Citizen Action Monitor

The vision for an economy of tomorrow is not utopian. It’s not a Western post-materialist fantasy

The vision is about taking simple steps towards an economics fit for a meaningful prosperity on a finite planet.

No 2152 Posted by fw, January 27, 2018

To access all other synopses from Prosperity without Growth, click on the Tab titled “Prosperity without Growth” — Links to All Posts in the top left margin of the Home page.

Tim Jackson

In this, Section 6, Chapter 11, the final section of the final chapter of his book, Prosperity without Growth, Tim Jackson concludes:

“Our only real choice is to transform the structures and institutions that shape the social world, to articulate a more credible vision for a lasting prosperity.”

In this context, Jackson highlights the four principal dimensions of that transformative task —

  • We must establish the ecological bounds on human activity.
  • We must tackle the systemic inequalities which undermine social progress.
  • We must fix the illiterate economics of relentless growth.
  • We must transform the damaging social logic of consumerism.

Tim Jackson is a British ecological economist and professor of sustainable development at the University of Surrey.

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Not Utopia, a synopsis, from Chapter 11, “A Lasting Prosperity” of Tim Jackson’s book, Prosperity without Growth, Routledge, 2nd edition, 2016-17

Reflecting on the production and consumption of novelty as a driver of the growth economy, Tim Jackson recognizes that his book has magnified novelty’s “disruptive power.” In hindsight, he cautions —  rejecting novelty, while embracing economic conservatism, its opposite, would be risky business.

Rather, he advocates a “proper balance between these vital dimensions of what it means to be human.” It is innovation — the breeding ground of novelty — that “allows us to respond flexibly to a changing environment.”  In a similar manner, it is conservation and tradition that enables societies to “build security and establish a meaningful sense of posterity.

Regrettably, this balance has been lost in our lives, our institutions and our economy.

The same point applies to concerns over the tendency for people to act in highly individual ways, disregarding their civic responsibilities. To emphasize the importance of community participation is not to discredit individual pursuits or personal ambitions. “The point,” says Jackson, “is to redress the balance between self and society – in a way that re-establishes the importance of public goods in working for the benefit of us all.

A culture that rewards individualism at the expense of society, and supports innovation at the expense of tradition, distorts what it means to be human. Citizens who are counting on a cultural ideology of individualism and innovation to deliver a materialistic fantasy land have not been paying attention:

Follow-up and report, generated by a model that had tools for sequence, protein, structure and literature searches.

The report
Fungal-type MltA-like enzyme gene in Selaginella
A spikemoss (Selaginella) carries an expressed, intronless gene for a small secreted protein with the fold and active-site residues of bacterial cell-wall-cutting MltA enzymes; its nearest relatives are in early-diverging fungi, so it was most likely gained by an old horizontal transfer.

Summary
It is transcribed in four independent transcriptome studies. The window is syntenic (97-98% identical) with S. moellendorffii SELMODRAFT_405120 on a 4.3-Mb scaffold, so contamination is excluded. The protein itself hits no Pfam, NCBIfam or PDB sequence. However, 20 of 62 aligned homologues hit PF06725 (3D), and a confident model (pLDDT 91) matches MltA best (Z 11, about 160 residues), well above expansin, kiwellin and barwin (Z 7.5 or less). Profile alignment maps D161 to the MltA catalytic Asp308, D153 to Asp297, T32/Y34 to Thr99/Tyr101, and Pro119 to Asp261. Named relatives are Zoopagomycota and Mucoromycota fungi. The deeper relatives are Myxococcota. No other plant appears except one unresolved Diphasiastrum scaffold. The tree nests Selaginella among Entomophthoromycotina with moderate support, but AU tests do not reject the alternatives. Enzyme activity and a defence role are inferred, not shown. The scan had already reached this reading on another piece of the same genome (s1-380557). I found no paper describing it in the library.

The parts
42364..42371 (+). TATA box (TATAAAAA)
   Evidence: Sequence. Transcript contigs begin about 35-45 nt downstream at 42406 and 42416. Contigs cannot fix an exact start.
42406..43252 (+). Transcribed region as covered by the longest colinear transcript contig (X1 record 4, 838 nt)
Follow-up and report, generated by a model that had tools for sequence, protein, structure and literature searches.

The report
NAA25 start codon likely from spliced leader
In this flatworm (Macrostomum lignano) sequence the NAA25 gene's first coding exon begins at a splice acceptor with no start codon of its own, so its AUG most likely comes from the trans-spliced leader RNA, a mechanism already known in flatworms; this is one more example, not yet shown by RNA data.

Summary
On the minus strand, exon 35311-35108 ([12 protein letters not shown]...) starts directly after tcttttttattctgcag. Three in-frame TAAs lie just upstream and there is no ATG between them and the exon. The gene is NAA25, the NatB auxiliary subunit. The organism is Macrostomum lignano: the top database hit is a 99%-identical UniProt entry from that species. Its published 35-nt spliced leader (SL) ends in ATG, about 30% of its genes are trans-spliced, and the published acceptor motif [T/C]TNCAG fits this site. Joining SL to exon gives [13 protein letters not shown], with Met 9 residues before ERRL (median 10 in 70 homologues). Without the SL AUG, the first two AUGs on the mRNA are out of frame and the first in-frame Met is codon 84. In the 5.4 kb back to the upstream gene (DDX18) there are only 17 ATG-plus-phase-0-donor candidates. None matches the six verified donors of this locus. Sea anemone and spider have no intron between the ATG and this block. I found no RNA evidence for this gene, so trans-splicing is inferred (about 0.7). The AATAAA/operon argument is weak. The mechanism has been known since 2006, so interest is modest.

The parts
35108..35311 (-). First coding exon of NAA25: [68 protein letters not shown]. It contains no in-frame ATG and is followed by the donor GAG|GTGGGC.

By the end of the century, our children and grandchildren will face a hostile climate, depleted resources, the destruction of habitats, the decimation of species, food scarcities, mass migrations and almost inevitably war.”

Cast aside false promises. Heed instead the informed counsel of ecological economist Tim Jackson as prescribed in the closing paragraphs of the final section of his book, Prosperity without Growth:

“Our only real choice is to transform the structures and institutions that shape the social world, to articulate a more credible vision for a lasting prosperity.”

This book has highlighted the principal dimensions of that task —

  • We must establish the ecological bounds on human activity.
  • We must tackle the systemic inequalities which undermine social progress.
  • We must fix the illiterate economics of relentless growth.
  • We must transform the damaging social logic of consumerism.

We’ve seen how a faulty economics drives and is driven by a distorted social logic. But we’ve also seen that a different economics is achievable. A better and fairer social logic lies within our grasp.

This is not about overthrowing society. It’s not about changing human nature. It’s about taking simple steps towards the economy of tomorrow. Towards an economics fit for purpose. Towards a meaningful prosperity on a finite planet. At the heart of that economics we must place a more robust and a more realistic vision of what it means to be human.

That vision is not utopian. It’s not a Western post-materialist fantasy. It’s a vision based on a better scientific understanding of who we really are, more consistent with a deeper reality.

An African philosopher wrote to me following the publication of the first edition of this book, pointing out its similarities to the traditional African philosophy of Ubuntu, which celebrates our connectedness to each other and to the world. I am because we are, says Ubuntu.

Prosperity is a shared endeavour. The roots of this idea are broad and deep. And its foundations already exist. Inside each of us.”

END OF CHAPTER ~ END OF BOOK

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